Introduction to the series
I’ve been using the Elixir programming language more and more lately for my own projects, while most of the test automation work I do for clients is done in Ruby.
I would like for more people to discover Elixir for both development and testing and wanted to write this series to show that the tools are already there to make Elixir a viable option, not only for building scalable distributed web applications but also as a language for implementing a test automation suite. It might even be easier to get a foothold for a new language in testing.
While a test website with an API is implemented as a part of this series, this is not a tutorial of how to test a Phoenix application, a popular web framework for Elixir but rather how to use Elixir and it’s tools to build test automation for any website or API.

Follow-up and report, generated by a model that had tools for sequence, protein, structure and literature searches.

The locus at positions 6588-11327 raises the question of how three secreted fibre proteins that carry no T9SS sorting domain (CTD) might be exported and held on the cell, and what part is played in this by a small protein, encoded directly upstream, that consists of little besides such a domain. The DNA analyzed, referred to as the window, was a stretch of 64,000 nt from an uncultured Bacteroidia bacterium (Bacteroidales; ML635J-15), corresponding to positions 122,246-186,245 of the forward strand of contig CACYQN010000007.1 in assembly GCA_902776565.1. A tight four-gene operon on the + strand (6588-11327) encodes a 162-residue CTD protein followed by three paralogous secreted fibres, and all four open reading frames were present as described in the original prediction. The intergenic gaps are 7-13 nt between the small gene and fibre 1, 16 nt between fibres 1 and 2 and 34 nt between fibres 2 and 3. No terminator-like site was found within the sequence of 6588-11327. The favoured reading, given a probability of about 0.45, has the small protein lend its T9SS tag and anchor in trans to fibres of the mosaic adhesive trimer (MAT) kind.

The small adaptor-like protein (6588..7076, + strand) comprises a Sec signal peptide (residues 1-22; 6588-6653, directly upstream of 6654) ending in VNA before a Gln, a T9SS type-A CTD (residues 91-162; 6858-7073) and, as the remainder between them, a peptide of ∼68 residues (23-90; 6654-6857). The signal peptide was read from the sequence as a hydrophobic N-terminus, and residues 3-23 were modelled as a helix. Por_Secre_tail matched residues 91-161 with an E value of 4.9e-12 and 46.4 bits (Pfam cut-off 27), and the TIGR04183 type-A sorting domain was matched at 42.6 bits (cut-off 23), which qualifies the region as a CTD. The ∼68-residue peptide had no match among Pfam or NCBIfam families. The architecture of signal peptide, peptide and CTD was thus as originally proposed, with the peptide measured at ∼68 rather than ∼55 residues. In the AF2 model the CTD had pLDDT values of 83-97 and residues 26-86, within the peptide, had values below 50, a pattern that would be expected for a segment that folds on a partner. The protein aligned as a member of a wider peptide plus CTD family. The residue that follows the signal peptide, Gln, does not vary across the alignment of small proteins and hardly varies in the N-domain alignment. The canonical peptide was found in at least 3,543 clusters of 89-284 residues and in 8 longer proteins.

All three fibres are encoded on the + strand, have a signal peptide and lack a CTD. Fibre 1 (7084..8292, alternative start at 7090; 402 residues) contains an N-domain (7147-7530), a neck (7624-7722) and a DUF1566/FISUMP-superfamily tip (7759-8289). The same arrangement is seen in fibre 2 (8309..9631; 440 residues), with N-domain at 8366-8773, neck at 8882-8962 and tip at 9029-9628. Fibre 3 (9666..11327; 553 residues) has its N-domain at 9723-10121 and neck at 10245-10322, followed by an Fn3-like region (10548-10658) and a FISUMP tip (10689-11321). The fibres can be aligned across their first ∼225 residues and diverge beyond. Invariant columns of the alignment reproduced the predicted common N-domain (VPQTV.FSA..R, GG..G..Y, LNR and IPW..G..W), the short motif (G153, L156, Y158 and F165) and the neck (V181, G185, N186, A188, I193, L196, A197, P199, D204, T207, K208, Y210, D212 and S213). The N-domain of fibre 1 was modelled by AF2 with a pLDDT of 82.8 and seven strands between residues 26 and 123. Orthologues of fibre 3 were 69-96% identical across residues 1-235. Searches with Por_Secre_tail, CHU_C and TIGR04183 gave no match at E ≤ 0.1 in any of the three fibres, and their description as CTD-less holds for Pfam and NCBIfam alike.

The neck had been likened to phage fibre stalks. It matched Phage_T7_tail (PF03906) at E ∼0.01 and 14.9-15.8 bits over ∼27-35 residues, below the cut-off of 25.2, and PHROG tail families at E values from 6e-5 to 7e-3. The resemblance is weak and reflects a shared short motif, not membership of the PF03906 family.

Elixir testing tools
Elixir comes with a built-in test framework, which can be used for all types of testing. In this series I’m going to concentrate and show how to use the ExUnit framework for building automated tests for a website (using WebDriver) and a RESTful API.
There are many other options available too. A comprehensive list can be found in the Awesome Elixir repo, which has a specific section for testing related tools on Github. There are tools similar to some of the popular Ruby test/BDD frameworks, i.e. RSpec and Cucumber if that is the preference of the organisation.
To me, Elixir provides the same flexibility and productivity as Ruby for development. Functional programming style fits very well for testing too and there are some language features, which work especially well, i.e. pattern matching and the pipeline operator.
While Erlang VM fault tolerance and low latency are usually associated with mission critical applications, there are situations where they can bring great benefits to testing as well. Running tests in parallel or connecting several nodes are things that can be done with ease using Elixir. Using Elixir as the testing language might actually make the backend team jealous (as suggested in this Elm talk by Richard Feldman): Make the Back-End Team Jealous: Elm in Production"
The next part will be about Elixir language features.
Part 2: Elixir Language Features